To haul over the coals
Coal Coal (k[=o]l), n. [AS. col; akin to D. kool, OHG. chol, cholo, G. kohle, Icel. kol, pl., Sw. kol, Dan. kul; cf. Skr. jval to burn. Cf. {Kiln}, {Collier}.] 1. A thoroughly charred, and extinguished or still ignited, fragment from wood or other combustible substance; charcoal. [1913 Webster]

2. (Min.) A black, or brownish black, solid, combustible substance, dug from beds or veins in the earth to be used for fuel, and consisting, like charcoal, mainly of carbon, but more compact, and often affording, when heated, a large amount of volatile matter. [1913 Webster]

Note: This word is often used adjectively, or as the first part of self-explaining compounds; as, coal-black; coal formation; coal scuttle; coal ship. etc. [1913 Webster]

Note: In England the plural coals is used, for the broken mineral coal burned in grates, etc.; as, to put coals on the fire. In the United States the singular in a collective sense is the customary usage; as, a hod of coal. [1913 Webster]

{Age of coal plants}. See {Age of Acrogens}, under {Acrogen}.

{Anthracite} or {Glance coal}. See {Anthracite}.

{Bituminous coal}. See under {Bituminous}.

{Blind coal}. See under {Blind}.

{Brown coal} or {Brown Lignite}. See {Lignite}.

{Caking coal}, a bituminous coal, which softens and becomes pasty or semi-viscid when heated. On increasing the heat, the volatile products are driven off, and a coherent, grayish black, cellular mass of coke is left.

{Cannel coal}, a very compact bituminous coal, of fine texture and dull luster. See {Cannel coal}.

{Coal bed} (Geol.), a layer or stratum of mineral coal.

{Coal breaker}, a structure including machines and machinery adapted for crushing, cleansing, and assorting coal.

{Coal field} (Geol.), a region in which deposits of coal occur. Such regions have often a basinlike structure, and are hence called {coal basins}. See {Basin}.

{Coal gas}, a variety of carbureted hydrogen, procured from bituminous coal, used in lighting streets, houses, etc., and for cooking and heating.

{Coal heaver}, a man employed in carrying coal, and esp. in putting it in, and discharging it from, ships.

{Coal measures}. (Geol.) (a) Strata of coal with the attendant rocks. (b) A subdivision of the carboniferous formation, between the millstone grit below and the Permian formation above, and including nearly all the workable coal beds of the world.

{Coal oil}, a general name for mineral oils; petroleum.

{Coal plant} (Geol.), one of the remains or impressions of plants found in the strata of the coal formation.

{Coal tar}. See in the Vocabulary.

{To haul over the coals}, to call to account; to scold or censure. [Colloq.]

{Wood coal}. See {Lignite}. [1913 Webster]


The Collaborative International Dictionary of English. 2000.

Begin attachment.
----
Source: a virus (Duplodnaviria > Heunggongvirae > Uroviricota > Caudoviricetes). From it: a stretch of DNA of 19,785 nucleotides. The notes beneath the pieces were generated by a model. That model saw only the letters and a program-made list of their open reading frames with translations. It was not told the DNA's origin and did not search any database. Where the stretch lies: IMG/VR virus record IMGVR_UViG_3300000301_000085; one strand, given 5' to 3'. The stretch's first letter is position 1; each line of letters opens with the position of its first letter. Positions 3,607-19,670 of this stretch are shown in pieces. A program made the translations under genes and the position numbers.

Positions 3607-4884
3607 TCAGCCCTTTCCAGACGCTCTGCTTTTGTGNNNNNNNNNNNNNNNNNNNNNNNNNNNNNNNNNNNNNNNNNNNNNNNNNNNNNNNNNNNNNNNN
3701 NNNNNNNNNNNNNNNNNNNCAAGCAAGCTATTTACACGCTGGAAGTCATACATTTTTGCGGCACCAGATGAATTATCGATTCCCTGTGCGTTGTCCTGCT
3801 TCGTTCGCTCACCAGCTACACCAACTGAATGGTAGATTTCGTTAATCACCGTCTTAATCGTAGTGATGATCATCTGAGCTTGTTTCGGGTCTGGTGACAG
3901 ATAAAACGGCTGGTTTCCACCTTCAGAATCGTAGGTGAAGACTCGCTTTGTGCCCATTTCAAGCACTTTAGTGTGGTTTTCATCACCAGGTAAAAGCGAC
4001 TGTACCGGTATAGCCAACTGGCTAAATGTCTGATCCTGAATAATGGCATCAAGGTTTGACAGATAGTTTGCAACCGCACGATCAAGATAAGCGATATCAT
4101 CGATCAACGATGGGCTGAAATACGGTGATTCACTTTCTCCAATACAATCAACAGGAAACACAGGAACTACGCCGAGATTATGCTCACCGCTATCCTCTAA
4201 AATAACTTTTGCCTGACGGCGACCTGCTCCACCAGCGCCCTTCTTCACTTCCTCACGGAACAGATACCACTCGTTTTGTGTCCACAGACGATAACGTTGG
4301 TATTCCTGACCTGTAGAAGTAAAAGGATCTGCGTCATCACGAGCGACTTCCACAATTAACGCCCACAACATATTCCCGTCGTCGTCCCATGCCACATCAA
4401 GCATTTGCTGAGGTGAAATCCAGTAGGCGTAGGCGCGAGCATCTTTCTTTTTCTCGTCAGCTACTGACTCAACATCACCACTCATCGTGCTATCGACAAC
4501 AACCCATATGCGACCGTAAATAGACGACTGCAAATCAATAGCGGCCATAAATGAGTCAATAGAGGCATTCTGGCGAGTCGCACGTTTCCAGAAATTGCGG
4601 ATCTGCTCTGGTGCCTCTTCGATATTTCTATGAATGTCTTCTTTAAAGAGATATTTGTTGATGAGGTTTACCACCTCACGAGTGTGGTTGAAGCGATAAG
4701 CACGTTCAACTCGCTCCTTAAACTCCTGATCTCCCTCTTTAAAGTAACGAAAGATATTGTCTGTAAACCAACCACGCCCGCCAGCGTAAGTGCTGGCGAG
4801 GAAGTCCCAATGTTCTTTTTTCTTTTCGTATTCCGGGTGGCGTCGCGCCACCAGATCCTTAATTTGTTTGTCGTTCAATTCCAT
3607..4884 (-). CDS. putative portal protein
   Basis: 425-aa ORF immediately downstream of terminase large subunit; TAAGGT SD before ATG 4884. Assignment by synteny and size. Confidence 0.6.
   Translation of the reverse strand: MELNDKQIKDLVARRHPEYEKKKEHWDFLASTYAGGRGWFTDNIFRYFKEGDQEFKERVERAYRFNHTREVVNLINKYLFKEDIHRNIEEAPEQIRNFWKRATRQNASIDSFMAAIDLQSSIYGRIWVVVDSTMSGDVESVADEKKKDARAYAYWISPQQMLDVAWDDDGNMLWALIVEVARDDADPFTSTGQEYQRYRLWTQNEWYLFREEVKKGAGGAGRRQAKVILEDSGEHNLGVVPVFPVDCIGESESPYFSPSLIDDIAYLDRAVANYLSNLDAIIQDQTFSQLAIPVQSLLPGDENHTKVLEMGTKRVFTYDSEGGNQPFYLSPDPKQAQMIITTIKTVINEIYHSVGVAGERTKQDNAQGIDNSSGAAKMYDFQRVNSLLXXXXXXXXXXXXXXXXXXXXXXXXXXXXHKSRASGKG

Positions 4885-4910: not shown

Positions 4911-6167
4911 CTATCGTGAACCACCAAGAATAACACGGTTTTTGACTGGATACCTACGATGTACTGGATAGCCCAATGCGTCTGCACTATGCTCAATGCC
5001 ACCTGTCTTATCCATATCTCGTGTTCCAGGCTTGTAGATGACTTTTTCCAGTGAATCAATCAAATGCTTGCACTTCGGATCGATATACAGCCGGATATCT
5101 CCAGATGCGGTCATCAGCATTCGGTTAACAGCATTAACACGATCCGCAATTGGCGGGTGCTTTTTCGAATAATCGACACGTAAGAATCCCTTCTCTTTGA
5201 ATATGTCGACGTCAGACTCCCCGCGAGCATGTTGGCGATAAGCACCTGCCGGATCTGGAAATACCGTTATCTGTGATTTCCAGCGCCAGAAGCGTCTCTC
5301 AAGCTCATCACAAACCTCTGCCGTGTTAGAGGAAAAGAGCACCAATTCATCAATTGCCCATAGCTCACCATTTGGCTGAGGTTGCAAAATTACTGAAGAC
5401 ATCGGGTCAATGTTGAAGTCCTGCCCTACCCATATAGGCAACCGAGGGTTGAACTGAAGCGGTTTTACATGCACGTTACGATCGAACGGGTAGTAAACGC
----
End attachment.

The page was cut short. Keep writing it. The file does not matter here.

Look at other dictionaries:

  • To haul over the coals — Haul Haul (h[add]l), v. t. [imp. & p. p. {Hauled} (h[add]ld); p. pr. & vb. n. {Hauling}.] [OE. halen, halien, F. haler, of German or Scand. origin; akin to AS. geholian to acquire, get, D. halen to fetch, pull, draw, OHG. hol[=o]n, hal[=o]n, G.… …   The Collaborative International Dictionary of English

  • haul\ over\ the\ coals — • haul over the coals • rake over the coals v. phr. To criticize sharply; rebuke; scold. The sergeant raked the soldier over the coals for being late for roll call. Syn.: dress down …   Словарь американских идиом

  • haul over the coals — drag/haul (someone) over the coals to speak angrily to someone because they have done something wrong. If I make a spelling mistake, I get hauled over the coals by my boss. They dragged her over the coals for being late with her assignment.… …   New idioms dictionary

  • haul over the coals — or[rake over the coals] {v. phr.} To criticize sharply; rebuke; scold. * /The sergeant raked the soldier over the coals for being late for roll call./ Syn.: DRESS DOWN …   Dictionary of American idioms

  • haul over the coals — or[rake over the coals] {v. phr.} To criticize sharply; rebuke; scold. * /The sergeant raked the soldier over the coals for being late for roll call./ Syn.: DRESS DOWN …   Dictionary of American idioms

  • rake or haul over the coals — idi rake or haul over the coals, to reprimand severely …   From formal English to slang

  • haul sb over the coals — US also rake sb over the coals) ► to criticize someone severely for something they have done: »Top ministers were hauled over the coals by the select committee for failing to disclose vital information in the inquiry. Main Entry: ↑haul …   Financial and business terms

  • haul someone over the coals — british phrase to speak angrily to someone because they have done something wrong. The American expression is rake someone over the coals . Thesaurus: to criticize, accuse or blamesynonym to say something, or to speak to someone in an angry… …   Useful english dictionary

  • haul somebody over the coals — haul sb over the ˈcoals idiom (BrE) (NAmE rake sb over the ˈcoals) to criticize sb severely because they have done sth wrong • I was hauled over the coals by my boss for being late. Main e …   Useful english dictionary

  • haul/rake over the coals — haul/rake (someone) over the coals informal : to criticize (someone) very severely I arrived late for the meeting and was immediately hauled over the coals by my boss. • • • Main Entry: ↑coal …   Useful english dictionary

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